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Poetry

Yiddish Literature in the United States

The history of women writing Yiddish in the United States has yet to be written. The significance of the poetry and prose produced by women in Yiddish cannot be understood in terms of these counting exercises, revealing though they may be. Such assessments will emerge only from the ongoing work of translation, criticism, bibliography and, above all, reading.

Yemen and the Yishuv

Yemenite women proved to be most stable and resourceful, both in Yemen where tradition reigned, and also after immigration to [jwa_encyclopedia_glossary:309]Erez Israel[/jwa_encyclopedia_glossary] and New York, facing changes and challenges in turbulent times. They adapted to changing economic, social and communal conditions, acculturated in language skills and organizational life, and were instrumental in bringing up their daughters and sons to successfully integrate into the new worlds.

Jean Starr Untermeyer

Jean Starr Untermeyer’s memoir, Private Collection (1965), recalls a childhood blighted by “fear of the loss of love.” The fear and the loss—and the love—shadowed her life, but they illuminated her art.

Miryam Ulinover

With its feminine as well as religious perspective, original popular style and internal coherence, Miryam Ulinover’s poetry constitutes a chapter apart in Yiddish literature.

Marie Syrkin

Marie Syrkin is best known as a polemicist for the State of Israel, whose keen arguments appeared in a wide range of publications for a period of almost seventy years. It is not a very well-known fact, however, that she recorded both the public and private aspects of her life and career in poetry written over the course of her lifetime.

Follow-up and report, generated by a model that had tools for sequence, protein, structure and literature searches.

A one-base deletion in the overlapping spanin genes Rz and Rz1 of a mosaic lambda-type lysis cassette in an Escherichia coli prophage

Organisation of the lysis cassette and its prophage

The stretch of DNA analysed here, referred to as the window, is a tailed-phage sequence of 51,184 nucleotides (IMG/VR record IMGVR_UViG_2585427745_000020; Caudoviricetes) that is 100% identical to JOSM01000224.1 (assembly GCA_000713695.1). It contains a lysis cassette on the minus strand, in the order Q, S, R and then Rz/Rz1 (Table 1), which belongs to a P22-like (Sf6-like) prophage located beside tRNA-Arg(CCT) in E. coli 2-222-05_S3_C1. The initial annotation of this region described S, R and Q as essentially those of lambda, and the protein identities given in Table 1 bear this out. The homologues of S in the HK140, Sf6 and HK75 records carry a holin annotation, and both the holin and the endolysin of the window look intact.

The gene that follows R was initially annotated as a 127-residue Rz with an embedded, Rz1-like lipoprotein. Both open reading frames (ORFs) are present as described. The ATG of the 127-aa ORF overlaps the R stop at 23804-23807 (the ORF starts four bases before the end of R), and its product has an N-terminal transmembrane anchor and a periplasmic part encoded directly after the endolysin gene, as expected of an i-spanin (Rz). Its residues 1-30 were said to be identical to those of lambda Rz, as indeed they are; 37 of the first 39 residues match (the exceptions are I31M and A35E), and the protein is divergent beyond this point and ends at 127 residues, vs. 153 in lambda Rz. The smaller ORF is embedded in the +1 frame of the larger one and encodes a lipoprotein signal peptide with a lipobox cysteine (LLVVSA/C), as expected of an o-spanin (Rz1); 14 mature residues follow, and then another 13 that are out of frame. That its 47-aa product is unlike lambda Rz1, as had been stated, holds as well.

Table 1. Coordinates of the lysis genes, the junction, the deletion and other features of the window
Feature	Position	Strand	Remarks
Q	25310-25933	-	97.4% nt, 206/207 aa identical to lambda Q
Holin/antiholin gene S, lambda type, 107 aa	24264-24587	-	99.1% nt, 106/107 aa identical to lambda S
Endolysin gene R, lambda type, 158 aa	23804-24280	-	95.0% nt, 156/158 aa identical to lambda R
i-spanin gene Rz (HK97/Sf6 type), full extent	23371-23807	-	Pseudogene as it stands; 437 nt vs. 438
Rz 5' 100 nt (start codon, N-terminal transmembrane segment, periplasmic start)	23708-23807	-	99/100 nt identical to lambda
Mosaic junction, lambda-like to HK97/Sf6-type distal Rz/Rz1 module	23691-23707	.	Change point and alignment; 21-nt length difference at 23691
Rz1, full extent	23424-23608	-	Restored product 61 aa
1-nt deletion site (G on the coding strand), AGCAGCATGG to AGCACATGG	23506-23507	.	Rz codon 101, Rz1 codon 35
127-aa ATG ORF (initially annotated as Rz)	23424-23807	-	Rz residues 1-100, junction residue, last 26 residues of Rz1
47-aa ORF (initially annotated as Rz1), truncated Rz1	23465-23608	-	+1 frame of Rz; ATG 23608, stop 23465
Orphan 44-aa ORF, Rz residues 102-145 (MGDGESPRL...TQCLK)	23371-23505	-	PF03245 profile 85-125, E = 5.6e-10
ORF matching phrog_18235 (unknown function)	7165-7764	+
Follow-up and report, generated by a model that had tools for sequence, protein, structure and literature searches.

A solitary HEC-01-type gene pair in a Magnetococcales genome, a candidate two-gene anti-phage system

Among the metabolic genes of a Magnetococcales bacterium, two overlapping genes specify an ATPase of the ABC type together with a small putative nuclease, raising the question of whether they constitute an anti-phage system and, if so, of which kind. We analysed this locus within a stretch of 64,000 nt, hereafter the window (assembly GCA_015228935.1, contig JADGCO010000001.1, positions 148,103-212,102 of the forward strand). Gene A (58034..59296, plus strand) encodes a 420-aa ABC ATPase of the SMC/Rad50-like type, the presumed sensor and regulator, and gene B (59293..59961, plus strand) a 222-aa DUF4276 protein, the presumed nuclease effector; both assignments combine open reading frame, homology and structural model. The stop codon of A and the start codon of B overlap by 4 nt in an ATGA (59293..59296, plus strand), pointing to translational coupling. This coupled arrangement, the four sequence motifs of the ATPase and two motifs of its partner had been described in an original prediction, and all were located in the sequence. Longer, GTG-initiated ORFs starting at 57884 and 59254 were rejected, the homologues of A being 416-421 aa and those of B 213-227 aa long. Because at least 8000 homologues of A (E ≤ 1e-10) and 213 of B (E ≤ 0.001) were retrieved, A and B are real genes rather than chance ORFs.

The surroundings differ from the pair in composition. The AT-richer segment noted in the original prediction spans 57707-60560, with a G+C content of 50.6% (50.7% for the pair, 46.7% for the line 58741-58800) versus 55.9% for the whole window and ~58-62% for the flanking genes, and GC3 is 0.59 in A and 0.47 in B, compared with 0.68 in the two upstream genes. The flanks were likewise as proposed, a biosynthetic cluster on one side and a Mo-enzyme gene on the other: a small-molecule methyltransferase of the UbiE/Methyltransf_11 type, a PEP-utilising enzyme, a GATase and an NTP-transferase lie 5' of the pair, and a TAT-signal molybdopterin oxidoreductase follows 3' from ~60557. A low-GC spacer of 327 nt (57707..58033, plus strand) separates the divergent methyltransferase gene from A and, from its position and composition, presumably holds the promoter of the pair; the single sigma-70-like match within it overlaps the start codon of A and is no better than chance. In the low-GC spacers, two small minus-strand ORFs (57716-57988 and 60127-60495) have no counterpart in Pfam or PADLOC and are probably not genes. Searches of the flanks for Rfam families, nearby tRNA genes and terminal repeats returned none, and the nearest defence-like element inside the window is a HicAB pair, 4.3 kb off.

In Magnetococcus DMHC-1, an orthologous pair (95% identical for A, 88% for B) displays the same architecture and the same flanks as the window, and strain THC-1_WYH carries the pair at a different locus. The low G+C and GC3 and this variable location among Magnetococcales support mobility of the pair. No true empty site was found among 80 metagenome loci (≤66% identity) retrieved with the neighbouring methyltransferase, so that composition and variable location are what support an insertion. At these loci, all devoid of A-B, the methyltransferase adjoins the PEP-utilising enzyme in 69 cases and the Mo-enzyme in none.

Selma Stern-Taeubler

American-Jewish academe has largely undervalued Stern-Taeubler’s contribution to Jewish history over the course of her lengthy and productive career as historian and archivist.

Gertrude Stein

Gertrude Stein, the American modernist writer, was an international celebrity, an artistic iconoclast, and a self-proclaimed genius.

Emily Solis-Cohen

Prize-winning poet, author, translator, historian, and communal leader Emily Solis-Cohen was born on March 20, 1886, into one of Philadelphia’s most distinguished Jewish families, whose presence in America dated from the colonial era.

Shulammite: Bible

The Shulammite (from Hebrew shulammit, “woman of Jerusalem”) is the central figure in the Song of Solomon (also called Song of Songs or Canticles) and one of the most positive representations of young womanhood in the Hebrew Bible.

Sephardi Women in the United States

Sephardic Jews constitute only a small proportion of American Jewry. Although they comprised the majority of American Jewry during the colonial period, that majority never exceeded twenty-five hundred prior to the American Revolution. By the nineteenth century, the Sephardi community was vastly outnumbered by Ashkenazim. Nevertheless, a few outstanding Sephardi personalities captured public notice.

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How to cite this page

Jewish Women's Archive. "Poetry." (Viewed on November 28, 2014) <http://jwa.org/topics/poetry>.

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